Of course, time isn't the only limiting factor here. It's more likely that bieing big enough as a company to pursue lawsuits while continuing to innovate on the side is what determines whether a company in fact chooses to do what it must to protect its IP. It's a luxury many companies don't have.
Junko Yoshida said: ...in the end, companies have to do everything in their power to protect their IPs. No questions about it.
Actually, I believe there is a question and a trade-off. When a company becomes a patent aggressor, it's often the case that the company has ceased to be a technological leader and must instead live off its existing patents and what it has purchased from others when the company had a lot of cash. Companies with great new ideas and great products are too busy developing those ideas and products to waste time preparing lawsuits. At least that's the impression I get, and I'm sure I'm not alone.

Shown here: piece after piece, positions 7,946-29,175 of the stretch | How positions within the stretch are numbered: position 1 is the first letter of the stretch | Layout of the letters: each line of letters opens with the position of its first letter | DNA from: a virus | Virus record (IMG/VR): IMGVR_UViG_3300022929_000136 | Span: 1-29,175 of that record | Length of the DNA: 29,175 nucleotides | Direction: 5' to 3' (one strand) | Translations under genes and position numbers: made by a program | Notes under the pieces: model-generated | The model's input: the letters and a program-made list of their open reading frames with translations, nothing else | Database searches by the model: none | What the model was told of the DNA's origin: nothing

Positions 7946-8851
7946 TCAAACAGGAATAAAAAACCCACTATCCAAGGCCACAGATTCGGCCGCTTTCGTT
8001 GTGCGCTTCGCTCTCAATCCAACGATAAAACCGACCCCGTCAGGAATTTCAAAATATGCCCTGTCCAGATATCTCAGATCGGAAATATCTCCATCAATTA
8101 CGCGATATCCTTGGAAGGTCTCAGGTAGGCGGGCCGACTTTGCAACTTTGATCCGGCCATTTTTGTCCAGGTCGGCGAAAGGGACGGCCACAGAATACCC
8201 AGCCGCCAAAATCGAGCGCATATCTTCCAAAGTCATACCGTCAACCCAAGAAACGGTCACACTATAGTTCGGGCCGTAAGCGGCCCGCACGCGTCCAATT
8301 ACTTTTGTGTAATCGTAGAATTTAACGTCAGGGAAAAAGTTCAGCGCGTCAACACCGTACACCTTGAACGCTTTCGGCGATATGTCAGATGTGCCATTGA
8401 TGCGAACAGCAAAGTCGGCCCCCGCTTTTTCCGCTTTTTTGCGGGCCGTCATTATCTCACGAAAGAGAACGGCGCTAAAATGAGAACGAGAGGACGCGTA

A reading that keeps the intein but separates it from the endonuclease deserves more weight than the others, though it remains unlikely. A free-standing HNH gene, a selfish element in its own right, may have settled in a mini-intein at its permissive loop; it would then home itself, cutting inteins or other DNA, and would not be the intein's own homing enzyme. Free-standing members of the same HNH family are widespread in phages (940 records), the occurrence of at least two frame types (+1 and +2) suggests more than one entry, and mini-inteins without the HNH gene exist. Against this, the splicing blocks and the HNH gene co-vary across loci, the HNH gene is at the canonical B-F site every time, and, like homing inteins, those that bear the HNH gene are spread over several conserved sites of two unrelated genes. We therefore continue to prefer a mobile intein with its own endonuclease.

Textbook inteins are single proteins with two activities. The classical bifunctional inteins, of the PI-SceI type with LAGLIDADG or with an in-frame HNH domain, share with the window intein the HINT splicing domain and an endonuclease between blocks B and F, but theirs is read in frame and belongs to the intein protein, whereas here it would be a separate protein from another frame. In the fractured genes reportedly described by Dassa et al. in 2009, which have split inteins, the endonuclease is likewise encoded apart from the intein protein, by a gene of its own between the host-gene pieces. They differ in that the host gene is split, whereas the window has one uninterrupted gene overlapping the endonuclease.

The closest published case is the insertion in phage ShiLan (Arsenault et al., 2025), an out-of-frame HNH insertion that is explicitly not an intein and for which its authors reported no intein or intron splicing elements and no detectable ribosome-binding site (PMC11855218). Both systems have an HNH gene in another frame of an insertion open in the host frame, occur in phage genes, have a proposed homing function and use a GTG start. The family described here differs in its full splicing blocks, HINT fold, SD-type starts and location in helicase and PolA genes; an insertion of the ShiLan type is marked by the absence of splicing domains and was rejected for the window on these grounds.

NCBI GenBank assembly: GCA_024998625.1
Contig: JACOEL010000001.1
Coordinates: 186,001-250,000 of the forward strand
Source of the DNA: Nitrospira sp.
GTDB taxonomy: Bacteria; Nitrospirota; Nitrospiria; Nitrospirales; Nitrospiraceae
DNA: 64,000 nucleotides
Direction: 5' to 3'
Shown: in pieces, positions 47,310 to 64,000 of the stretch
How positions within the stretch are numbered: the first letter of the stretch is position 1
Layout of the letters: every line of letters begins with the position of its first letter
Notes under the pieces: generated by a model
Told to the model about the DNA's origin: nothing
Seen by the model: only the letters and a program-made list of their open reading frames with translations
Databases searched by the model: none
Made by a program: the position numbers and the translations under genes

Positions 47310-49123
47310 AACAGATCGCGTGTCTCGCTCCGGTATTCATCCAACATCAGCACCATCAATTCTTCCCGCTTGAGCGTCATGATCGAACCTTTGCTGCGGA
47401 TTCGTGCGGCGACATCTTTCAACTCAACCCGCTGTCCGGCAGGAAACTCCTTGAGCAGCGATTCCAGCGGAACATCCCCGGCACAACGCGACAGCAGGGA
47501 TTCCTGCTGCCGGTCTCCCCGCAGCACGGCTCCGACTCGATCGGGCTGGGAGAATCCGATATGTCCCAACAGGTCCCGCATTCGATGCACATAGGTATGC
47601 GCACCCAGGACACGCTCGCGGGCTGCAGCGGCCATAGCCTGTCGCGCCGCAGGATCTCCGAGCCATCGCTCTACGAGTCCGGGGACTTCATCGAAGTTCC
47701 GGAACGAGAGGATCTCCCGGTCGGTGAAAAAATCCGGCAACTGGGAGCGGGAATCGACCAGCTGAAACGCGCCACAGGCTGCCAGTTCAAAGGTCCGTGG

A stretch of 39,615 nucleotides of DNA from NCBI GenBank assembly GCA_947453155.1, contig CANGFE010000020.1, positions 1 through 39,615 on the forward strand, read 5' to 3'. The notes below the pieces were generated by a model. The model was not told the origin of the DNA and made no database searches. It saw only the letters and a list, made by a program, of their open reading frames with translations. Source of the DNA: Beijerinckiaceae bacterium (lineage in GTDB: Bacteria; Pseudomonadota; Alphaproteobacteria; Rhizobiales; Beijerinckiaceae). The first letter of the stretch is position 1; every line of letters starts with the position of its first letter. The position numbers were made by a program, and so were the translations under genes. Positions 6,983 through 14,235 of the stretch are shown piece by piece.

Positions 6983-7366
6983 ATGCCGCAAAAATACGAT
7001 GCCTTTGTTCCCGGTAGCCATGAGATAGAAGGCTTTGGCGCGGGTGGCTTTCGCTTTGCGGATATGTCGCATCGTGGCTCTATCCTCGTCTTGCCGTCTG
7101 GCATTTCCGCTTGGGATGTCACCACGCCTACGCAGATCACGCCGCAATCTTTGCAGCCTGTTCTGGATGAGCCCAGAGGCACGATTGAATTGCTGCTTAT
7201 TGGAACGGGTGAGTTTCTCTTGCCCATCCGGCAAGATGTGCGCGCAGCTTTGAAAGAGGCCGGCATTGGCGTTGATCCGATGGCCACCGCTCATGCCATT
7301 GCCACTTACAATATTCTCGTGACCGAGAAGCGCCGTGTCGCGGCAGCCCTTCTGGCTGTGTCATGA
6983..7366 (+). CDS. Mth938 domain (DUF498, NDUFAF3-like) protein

A public company has an obligation to its shareholders to maximize the company's value. If suing over dubious patents besmirches a company's reputation and makes it look like it's on its way down, that's not maximizing shareholder value.
The patent protection system is overdue for an overhaul. There are few truly unique innovations that deserve patent protection. Most are solutions that any competent engineer or scientist would come up with when faced with a specific problem. The current system results in a lot of work by accountants and lawyers that provides no real benefit to society.
@EFosters, as to the strength of Spansion's IPs, obviously, I think that's something for our legal system to decide. While I do understand that people are weary of all the news about IP battles, in the end, companies have to do everything in their power to protect their IPs. No questions about it.
We will see how far Spansion will take this (especially on eCT front).
A Book For All Reasons Bernard Cole1 Comment Robert Oshana's recent book "Software Engineering for Embedded Systems (Newnes/Elsevier)," written and edited with Mark Kraeling, is a 'book for all reasons.' At almost 1,200 pages, it ...